It’s the season to be jolly, but unfortunately there can be reasons to not be so cheerful at this time of year. Financial problems seem to mount up in the lead up to Christmas, and sometimes it can all start to feel a bit much. However there’s plenty of rumour and speculation when it comes to debt problems, and it can leave people feeling confused and lost in the dark. We’ve compiled a list of some of the biggest debt myths out there so that you can stay informed and ahead of the game.
Bailiffs forcing entry into your home
Plenty of people grow worried at the thought of bailiffs forcing their way into the home to make a collection. However they aren’t allowed to do this and they must be invited in by you first. If you do decide to let them in then they could start reclaiming possessions to offset a debt. After granting a bailiff entry to your home once then they are allowed to re-enter should they return, so think carefully before letting them in. You’re not obliged to open the door and you can even communicate through a chained door or even letterbox. Occasionally bailiffs can apply “reasonable force”, for instance if they have a court order or have been invited in previously, but they can never do things like push you or break in.
Bailiffs taking items from the home
The bailiff will only be able take items that belong to the person who owes them money, not belongings of families or kids. You may need to provide proof that the items don’t belong to you. Items including bedding, clothing, household equipment and anything that’s needed for domestic use cannot be taken.
Bailiffs and enforcement agents
Bailiffs and enforcement agents are essentially the same thing, and they’ve been given a set of rules and regulations that they have to follow. These guidelines include details about what they can and can’t do when making a visit to your home, and the fees that are applied at different stages of the process.
How often debt collectors can contact you
According to the Administration of Justice 1970 and the Office of Fair Trading, debt collectors and creditors are forbidden to make excessive contact with you as it could be regarded as harassment. If you feel uncomfortable with debt collectors pestering you then report them to the Office of Fair Trading.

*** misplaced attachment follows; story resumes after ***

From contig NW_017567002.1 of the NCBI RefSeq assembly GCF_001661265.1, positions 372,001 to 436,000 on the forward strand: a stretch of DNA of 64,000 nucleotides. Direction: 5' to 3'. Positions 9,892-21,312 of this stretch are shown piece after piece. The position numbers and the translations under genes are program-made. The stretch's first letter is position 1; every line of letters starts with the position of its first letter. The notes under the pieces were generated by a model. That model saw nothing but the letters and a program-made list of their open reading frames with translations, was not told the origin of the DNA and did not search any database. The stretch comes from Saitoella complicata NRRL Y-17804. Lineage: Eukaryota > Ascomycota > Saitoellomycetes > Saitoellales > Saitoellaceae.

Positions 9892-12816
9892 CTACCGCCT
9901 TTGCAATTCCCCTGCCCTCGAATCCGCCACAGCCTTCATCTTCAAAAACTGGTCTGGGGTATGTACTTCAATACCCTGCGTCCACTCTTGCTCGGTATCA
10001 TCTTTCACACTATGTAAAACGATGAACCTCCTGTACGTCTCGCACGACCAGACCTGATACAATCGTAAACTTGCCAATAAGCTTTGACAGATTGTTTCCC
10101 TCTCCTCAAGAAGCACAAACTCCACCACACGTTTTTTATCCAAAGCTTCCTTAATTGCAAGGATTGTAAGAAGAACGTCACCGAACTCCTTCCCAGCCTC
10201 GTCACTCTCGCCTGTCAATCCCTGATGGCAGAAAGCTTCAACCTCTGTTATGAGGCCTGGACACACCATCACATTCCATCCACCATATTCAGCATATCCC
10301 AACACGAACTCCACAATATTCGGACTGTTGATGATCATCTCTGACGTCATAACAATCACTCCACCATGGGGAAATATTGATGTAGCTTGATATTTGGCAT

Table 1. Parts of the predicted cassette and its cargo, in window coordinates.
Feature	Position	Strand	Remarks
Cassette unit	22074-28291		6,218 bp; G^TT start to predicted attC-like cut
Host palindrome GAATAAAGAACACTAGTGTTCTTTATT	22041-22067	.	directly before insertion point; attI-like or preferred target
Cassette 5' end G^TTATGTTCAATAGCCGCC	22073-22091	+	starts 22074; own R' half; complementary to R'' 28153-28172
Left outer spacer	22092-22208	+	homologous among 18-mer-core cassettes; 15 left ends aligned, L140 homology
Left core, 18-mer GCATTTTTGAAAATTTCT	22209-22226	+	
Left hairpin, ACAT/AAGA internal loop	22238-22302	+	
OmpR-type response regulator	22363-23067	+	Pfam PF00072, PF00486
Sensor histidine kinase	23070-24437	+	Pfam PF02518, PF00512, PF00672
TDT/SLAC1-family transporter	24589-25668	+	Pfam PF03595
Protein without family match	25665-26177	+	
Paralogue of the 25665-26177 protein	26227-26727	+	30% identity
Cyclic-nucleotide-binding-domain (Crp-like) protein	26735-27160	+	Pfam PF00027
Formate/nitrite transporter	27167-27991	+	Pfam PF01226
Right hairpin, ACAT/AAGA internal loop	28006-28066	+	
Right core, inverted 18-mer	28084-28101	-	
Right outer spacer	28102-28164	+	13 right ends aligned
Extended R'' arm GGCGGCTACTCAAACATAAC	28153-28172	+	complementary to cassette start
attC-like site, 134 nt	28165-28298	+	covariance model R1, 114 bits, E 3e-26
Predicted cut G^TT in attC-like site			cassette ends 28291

Where debt goes when you die
When you pass away, as long as you have no other assets to sell or savings, the debt will pass on with you instead of having to be paid by family. However your family may be forced to sell your home or other assets you might have had to release money to pay creditors.
When you can go to prison for debt
Creditors don’t have the power to send you to prison for defaulting on credit card payments or personal loans. If this happens you could be issued with a CCJ so you have to pay a certain amount towards the debt. You can be sent to prison for not paying council tax, however this usually only happens if you don’t make your payments due to neglect or refusal, not just because you’re struggling with the financial aspect.
Who your bad credit rating effects
A credit rating is personal solely to one person, not additional card holders or people that you live with. Additional card holders are not liable for any debt built up on a credit card.
Losing your home after missing mortgage repayments
You could eventually lose your home if you fail to keep up with the mortgage repayments, but mortgage lenders do have a code of conduct they have to abide by. This means they have to treat you fairly and can only repossess the home as a last resort. Contacting the mortgage lender and coming up with an agreement is always the best course of action.
When the bank can help with debt
If the repayments on credit cards are piling up, letting the creditor know as soon as possible could see them freezing the interest, reducing it temporarily or sometimes giving you a break from it altogether. Don’t be afraid of your creditor, get in touch with them and they may be able to provide a helping hand.
How expensive overdrafts are
A lot of the time overdrafts can be expensive, but they don’t have to be. There are some banks with current accounts that offer fairly low fees for overdrafts, and it’s best to shop around to see which one offers you the best deal.
When debt doesn’t have to be bad
Of course, high interest rates on things such as credit cards is obviously bad debt. However debt can also be used to be turned into a positive, as a good credit history and credit score can be built up if you manage it correctly. It can be hard to find credit for things such as mortgages if you have no credit history.
Having to pay for debt advice
If you’re struggling with debt problems and want someone to turn to then free, professional and impartial advice is available for you. Council Tax Advisors can give you information on all manner of debt, easing your worries and helping you figure out how to get rid of your problems. Contact us today for more details.